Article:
The best grand Paris hotels – whichever type of traveller you are – The Telegraph

These luxury destinations in the City of Light are wooing guests with penthouses, spas and sky gardens
Bulgari Penthouse
Of all the buildings in Paris that Bulgari could have chosen for its seventh hotel, a 1970s office block on Avenue George V must surely have seemed the least enticing. But the brand’s go-to architectural firm, Antonio Citterio Patricia Viel, rose to the challenge and after several years of grafting, it opened in December last year as a strikingly modern 76-room hotel.
A glossy, cosmopolitan mix of locals and tourists have been enjoying the hotel, with its blend of understated styles that mixes Italian walnut floors, ceramics by Gio Ponti and herringbone patterned carpets that nod to Parisian parquet. The showstopper accommodation is the two-floor Bulgari Penthouse, which seats 10 in its dining room and has multiple leafy roof terraces from which to gaze at the Eiffel Tower and Sacré-Coeur.
The hotel’s restaurant, by chef Niko Romito, serves reimagined Italian classics (and the odd bistro favourite) and opens up on to a little secret garden. There’s also an elegant bar offering a daily aperitivo hour. A sleek, subterranean spa has a pool lined with mosaic in shades of emerald and malachite, a hair salon and a branch of Workshop Gymnasium, and has just announced a collaboration with the excellent stem-cell scientific research-orientated beauty brand Augustinus Bader.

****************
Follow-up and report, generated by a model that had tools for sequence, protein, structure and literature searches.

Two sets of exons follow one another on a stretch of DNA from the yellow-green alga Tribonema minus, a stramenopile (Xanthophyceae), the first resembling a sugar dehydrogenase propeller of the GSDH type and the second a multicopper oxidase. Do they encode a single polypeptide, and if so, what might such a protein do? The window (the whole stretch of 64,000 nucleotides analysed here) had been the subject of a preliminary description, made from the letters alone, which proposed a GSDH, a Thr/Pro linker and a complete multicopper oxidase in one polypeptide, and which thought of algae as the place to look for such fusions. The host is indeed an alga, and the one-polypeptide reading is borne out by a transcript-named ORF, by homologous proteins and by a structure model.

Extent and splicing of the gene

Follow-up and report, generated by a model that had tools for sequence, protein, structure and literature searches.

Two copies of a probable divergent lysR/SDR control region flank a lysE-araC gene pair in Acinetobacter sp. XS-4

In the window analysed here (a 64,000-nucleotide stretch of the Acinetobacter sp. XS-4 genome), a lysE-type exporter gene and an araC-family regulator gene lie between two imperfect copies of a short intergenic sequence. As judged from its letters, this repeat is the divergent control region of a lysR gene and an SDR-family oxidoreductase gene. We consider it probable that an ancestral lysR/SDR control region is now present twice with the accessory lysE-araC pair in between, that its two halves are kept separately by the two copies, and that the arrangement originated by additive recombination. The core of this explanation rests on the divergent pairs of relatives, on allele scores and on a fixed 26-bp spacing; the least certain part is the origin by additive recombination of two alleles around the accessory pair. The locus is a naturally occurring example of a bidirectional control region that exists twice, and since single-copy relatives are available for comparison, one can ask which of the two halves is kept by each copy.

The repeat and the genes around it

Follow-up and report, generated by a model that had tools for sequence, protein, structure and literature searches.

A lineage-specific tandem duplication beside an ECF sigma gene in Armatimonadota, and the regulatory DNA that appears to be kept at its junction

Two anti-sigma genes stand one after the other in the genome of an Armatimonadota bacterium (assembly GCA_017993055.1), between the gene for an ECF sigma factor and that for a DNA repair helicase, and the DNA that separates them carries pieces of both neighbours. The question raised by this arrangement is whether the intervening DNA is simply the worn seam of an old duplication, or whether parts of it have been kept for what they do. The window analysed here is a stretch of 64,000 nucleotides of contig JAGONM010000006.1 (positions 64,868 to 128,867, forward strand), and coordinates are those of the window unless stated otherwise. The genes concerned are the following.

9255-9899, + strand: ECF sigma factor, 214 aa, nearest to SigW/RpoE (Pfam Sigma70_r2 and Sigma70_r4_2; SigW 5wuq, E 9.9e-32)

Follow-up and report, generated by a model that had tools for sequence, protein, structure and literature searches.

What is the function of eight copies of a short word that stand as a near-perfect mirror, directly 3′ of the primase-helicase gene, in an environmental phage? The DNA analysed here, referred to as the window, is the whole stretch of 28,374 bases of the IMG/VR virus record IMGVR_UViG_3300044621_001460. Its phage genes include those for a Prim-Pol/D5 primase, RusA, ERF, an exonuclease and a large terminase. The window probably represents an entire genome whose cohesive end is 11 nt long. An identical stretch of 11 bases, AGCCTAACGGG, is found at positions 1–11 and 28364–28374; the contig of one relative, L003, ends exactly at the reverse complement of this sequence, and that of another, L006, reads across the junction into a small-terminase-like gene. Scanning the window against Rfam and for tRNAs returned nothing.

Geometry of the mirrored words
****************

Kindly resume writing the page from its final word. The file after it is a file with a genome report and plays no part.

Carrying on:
From €1,400,
Hotel Lutetia
You don’t always need to head to Paris’s Golden Triangle (Avenues Montaigne, George V and Champs-Elysées) to stay in a seriously historic hotel. Hotel Lutetia in Saint-Germain-des-Prés, for example, is the Left Bank’s very own grande dame. Opened in the early 20th century by Marguerite Boucicaut, the owner of neighbouring department store Le Bon Marché, to house her wealthy customers, Lutetia has welcomed Picasso, Matisse, Hemingway, James Joyce and Josephine Baker over the years; Charles and Yvonne de Gaulle spent their wedding night there in 1921.
Built in a style combining arts deco and nouveau, some of its suites were redesigned in the 1980s; then, after a four-year restoration by new owners, it reopened in 2018 with a new relaxed ‘modern grand’ style that has been attracting a sophisticated younger crowd ever since. Splash out on the Josephine Baker suite with its views of the Eiffel Tower, or the book-filled Saint-Germain Penthouse designed in collaboration with Francis Ford Coppola, and be sure to head to the Akasha spa for a swim in the 17-metre pool.
Rooms from €1,600,
La Réserve
An urban mansion just off the Champs Elysées, the club-like La Réserve is the ideal choice for those who want to stay somewhere discreet but central in Paris. When the existing hotel joined the La Réserve portfolio in 2015, its new owners enlisted maximalist interior designer Jacques Garcia to wave his magic wand.